The Other Suspension Bridge in Town

I would really love for Cameron to get over his fear of the woods, and the bears that surely lurk between every two trees, sooner rather than later. But I know you cannot push these things. It’s just a case of time and exposure, I’m sure.

Last weekend we went to the Capilano Suspension Bridge, a nice and fun method of getting Cameron into a rather domesticated forest. It worked! He had a blast, and bears seemed to be the furthest thing from his mind. So this weekend it was time for the next step. Again, I needed a lure to coax him into the woods. Another bridge!


Yup, it was time for Lynn Canyon. This happens to have a suspension bridge across it too – one that’s narrower, swings more, and hangs down more making it rather steep. If the idea of the Capilano one didn’t appeal to you, trust me, this one wouldn’t either. A bonus, however: this one is free.

Cameron was thrilled, and didn’t even bat an eyelash at the bridge. He marched eagerly right onto it, and balanced with admirable skill as the bridge swayed and rocked under our feet. He happily looked down, down, down at the rushing river below, but wasn’t too interested. Wind whistled through the trees all around us.


The other side happened to be perfect for an introduction to a less-tame forest. There’s initially a lovely boardwalk, nice and wide, and lots of people. So many people that Cameron didn’t even mind when the boardwalk ended and we were walking down a dirt path, climbing down boulders as we descended to the river. But the groups of people thinned, until finally at one point we were briefly alone; nobody in sight. I made the mistake of pointing this out to Cameron, hoping that he’d be okay. Nope. Apparently groups of people are safe, but Mommy’s presence isn’t quite enough. He flipped, and wanted to go back, right now, Mommy, I’m not joking!

IMG_3461I’ll admit it. I lied to my son. Sort of. “Honey, this way is the best way out of the woods. Look ahead, there’s a patch of sunlight, see?” Sue me. There was indeed a patch of sunlight, and in it was a marvelous old tree trunk that had rotted out in the middle so you could walk through it. Tears dried up and fears dissolved, as we played hide and seek around the tree. A group caught up with us, and passed us, and with them in sight Cameron could pretend we weren’t in the forest any longer. So we followed them. As the sunny patch disappeared from sight behind us, his confidence did the same. “I want to go back, Mommy, I want to go out!” Again, I repeated that ahead was the best way to go. See? Sunny patch ahead!

IMG_3494In the middle of this large sunny path was an enormous lump of rock, smooth and gently sloping on one side, steeper on the other. At first Cameron declined, he did NOT wish to climb it. But I did! Really, it wasn’t challenging for an adult, just a little slippery underfoot. A nice and gentle smear kind of climb. I got maybe four and a half feet off the ground, and sat down on a bit of a ledge.  That was enough – Cameron wanted up. It would be a good twenty minutes before I could coax him off again. He climbed, getting the knack of it quickly and teaching a couple of older kids how to do it, then slid down on his shoes and rear to do it again. Happy and free, he scrambled around.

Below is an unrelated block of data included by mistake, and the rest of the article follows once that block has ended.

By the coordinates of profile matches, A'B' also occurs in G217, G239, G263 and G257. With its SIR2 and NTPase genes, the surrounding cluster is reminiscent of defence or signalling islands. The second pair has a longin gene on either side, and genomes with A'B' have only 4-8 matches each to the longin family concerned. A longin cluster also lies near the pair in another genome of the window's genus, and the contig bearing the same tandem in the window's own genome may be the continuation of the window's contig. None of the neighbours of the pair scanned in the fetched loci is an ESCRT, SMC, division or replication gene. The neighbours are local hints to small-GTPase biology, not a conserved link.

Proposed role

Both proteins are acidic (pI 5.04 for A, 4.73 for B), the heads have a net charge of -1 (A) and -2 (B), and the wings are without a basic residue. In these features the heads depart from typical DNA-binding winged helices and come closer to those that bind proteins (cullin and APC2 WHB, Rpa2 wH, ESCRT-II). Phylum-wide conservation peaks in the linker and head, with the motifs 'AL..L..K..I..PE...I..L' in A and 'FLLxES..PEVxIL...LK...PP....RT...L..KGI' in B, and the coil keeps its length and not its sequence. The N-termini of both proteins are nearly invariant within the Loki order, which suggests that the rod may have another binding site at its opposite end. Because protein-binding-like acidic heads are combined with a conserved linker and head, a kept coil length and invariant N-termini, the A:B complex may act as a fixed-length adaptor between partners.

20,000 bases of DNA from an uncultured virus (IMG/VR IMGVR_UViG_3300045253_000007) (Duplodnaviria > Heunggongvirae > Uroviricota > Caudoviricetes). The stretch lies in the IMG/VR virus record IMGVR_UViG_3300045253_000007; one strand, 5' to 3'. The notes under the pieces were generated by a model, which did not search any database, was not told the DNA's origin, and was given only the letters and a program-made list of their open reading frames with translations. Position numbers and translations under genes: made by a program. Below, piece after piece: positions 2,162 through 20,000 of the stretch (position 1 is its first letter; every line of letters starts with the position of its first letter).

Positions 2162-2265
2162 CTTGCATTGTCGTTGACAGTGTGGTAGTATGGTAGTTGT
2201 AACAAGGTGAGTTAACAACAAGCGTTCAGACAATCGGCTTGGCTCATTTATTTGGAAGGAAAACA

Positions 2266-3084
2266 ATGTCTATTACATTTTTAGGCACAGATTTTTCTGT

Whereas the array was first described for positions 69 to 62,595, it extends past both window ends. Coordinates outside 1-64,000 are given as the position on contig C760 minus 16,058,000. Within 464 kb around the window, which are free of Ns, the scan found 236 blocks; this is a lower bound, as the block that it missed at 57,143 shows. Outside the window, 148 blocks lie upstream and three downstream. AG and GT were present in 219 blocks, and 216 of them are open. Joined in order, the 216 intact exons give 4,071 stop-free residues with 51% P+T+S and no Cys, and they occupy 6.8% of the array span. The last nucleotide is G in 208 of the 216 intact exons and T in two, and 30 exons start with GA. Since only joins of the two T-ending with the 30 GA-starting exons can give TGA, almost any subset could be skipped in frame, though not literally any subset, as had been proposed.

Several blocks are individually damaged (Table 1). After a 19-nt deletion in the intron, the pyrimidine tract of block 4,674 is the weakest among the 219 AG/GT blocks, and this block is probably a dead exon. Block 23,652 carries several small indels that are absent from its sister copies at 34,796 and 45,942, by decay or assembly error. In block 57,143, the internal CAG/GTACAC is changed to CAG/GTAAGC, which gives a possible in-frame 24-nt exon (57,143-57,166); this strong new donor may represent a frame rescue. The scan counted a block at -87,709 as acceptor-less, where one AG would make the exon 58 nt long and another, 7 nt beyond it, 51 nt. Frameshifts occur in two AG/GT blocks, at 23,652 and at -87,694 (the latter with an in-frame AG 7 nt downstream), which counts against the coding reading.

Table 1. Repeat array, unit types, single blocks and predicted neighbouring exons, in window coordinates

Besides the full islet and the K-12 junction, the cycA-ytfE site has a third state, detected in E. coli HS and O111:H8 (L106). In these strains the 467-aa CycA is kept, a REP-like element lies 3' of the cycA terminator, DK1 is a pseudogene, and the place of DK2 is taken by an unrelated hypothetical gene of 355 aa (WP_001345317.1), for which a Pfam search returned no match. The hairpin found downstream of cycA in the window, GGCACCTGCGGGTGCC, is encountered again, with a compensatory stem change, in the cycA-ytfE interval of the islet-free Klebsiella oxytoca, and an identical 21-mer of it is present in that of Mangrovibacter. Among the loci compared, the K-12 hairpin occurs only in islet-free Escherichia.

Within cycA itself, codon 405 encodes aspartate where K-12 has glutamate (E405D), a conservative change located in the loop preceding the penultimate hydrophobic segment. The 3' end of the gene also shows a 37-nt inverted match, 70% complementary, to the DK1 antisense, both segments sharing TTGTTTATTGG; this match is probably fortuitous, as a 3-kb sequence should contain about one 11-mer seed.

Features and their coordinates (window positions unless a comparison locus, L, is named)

IMG_3533Eventually I pried him off the rock, and we headed down to the river. Rushing, bubbling over rocks, swirling in small eddies, the cold water was wonderful on feet. Cameron climbed around, and directed where we went next, heading for the big pool where he could easily wade. It was crowded there, with people sunning, swimming, fishing, playing guitars, and just having fun.

IMG_3637From there, stairs climb and climb and climb. Cameron was easy to convince, and up we went. Every ten or so steps he’d stop and announce that he was WAY high up. At the top, the population pretty much was us. And after a short walk, finding nurse logs, we found ourselves in the woods with nobody in sight, and no clear path to follow. Was this a problem? Wow! Not at all! We kept looking for nurse logs, finding hollow trunks, discovering fungus. He loved saying fungus so much he sang about it.

IMG_3674Finally, it was time to take the path that led back to the bridge. We kept making forward progress, and I kept Cameron happy by playing “Jump on my shadow” with him. Even more hilarious was the length of time he spent trying to jump on his own shadow. We raced down a wide path to try to find the chipmunks we saw dashing across way ahead.

There was just the bridge (and a short walk) between us and the bus back home. But Cameron had one more surprise in store for me. I asked him to walk a little ways and stop so that I could take his picture. He’s never keen on this activity, but I had ice cream on my side. He didn’t stop. I followed him across, and he kept yelling back at me, but I couldn’t hear what he was saying over the river and wind. Finally, he made it clear, he wanted to cross the bridge by himself. Go BACK, Momma. So I trekked back, and set up my camera to film this. Watch for him – he’s in orange.

Yes, I gave him the promised ice cream. He even got sprinkles.



2 responses to “The Other Suspension Bridge in Town

  1. Beautiful pictures!
    Fear of forests, huh? I KNOW! How about you send him to a beautiful school with a kick-ass playground smack in the middle of one? I know one….very close to a very nice house with a lovely 2 bedroom suite!

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